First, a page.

Click here to view
|Figure 2: Supracardiac lesion within limits of heart, adherent to heart, compressing heart, L-lesion|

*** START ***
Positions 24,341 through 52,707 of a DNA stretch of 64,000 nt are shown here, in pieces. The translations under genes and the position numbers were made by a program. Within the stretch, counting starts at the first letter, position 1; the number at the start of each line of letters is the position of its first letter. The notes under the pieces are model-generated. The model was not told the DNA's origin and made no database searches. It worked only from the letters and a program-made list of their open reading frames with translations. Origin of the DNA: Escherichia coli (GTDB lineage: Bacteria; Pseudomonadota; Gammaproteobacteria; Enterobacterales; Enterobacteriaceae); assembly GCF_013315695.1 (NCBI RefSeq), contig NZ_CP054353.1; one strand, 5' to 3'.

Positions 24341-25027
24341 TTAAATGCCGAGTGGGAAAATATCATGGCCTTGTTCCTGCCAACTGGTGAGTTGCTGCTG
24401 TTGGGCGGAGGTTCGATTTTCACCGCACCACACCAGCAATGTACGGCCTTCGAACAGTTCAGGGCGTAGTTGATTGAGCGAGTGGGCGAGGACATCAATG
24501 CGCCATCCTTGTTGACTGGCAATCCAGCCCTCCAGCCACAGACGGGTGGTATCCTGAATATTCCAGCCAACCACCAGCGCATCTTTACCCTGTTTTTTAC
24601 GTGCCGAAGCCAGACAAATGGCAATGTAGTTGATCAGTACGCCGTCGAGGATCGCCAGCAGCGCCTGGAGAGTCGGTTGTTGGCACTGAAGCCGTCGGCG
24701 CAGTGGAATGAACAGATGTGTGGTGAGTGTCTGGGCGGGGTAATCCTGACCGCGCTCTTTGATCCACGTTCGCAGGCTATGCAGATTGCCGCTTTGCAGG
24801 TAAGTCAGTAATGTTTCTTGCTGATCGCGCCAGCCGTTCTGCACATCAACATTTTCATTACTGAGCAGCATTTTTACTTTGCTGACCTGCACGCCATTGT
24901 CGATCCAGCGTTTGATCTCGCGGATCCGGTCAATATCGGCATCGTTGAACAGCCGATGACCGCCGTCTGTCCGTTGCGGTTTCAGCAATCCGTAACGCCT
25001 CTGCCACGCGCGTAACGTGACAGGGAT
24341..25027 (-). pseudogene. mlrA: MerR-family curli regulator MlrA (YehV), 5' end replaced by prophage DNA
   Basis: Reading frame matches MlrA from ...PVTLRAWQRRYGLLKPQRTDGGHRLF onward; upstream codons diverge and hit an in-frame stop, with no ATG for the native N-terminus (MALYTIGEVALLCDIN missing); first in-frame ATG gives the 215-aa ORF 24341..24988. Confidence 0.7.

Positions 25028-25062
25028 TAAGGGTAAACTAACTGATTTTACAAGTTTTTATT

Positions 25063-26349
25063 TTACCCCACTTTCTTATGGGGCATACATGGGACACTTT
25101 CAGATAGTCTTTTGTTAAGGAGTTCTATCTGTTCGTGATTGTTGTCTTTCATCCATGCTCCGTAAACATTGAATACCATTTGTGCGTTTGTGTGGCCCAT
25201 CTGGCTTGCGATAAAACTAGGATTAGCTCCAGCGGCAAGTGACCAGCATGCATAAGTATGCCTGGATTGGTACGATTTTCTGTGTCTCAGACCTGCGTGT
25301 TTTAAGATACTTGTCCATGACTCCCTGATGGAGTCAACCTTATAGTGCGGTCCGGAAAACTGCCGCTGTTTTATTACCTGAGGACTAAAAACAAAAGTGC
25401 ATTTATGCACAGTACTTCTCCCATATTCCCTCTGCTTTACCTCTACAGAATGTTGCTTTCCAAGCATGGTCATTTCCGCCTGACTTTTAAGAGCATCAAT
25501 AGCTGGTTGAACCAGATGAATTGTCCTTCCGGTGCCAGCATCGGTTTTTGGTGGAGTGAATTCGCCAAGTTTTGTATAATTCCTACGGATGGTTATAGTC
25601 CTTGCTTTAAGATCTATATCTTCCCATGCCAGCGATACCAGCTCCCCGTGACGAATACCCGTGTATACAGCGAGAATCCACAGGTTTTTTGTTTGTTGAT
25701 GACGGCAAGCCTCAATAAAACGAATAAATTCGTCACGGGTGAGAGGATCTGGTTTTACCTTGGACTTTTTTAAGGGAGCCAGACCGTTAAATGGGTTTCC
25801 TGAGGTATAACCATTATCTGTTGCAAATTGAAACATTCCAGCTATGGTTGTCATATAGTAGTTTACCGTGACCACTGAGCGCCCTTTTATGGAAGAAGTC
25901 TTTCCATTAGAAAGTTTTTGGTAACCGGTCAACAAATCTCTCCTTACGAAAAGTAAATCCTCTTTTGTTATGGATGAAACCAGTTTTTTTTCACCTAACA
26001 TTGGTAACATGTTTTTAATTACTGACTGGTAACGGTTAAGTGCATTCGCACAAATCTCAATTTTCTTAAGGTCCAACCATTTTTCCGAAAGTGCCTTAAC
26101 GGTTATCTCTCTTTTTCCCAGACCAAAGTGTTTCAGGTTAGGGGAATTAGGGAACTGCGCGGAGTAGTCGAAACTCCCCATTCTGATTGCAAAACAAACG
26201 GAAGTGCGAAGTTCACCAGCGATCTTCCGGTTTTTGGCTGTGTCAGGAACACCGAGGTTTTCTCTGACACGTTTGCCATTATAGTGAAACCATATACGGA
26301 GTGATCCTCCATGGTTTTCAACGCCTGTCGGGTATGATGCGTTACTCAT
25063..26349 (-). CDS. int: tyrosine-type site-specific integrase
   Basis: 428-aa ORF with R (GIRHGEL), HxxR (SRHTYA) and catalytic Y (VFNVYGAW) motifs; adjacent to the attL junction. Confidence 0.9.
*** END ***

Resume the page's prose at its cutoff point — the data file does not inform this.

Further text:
Click here to view
|Figure 4: Intraoperative photo showing lesion adherent to heart and adherent to surrounding structures|
Click here to view
| Conclusion and Discussion|| |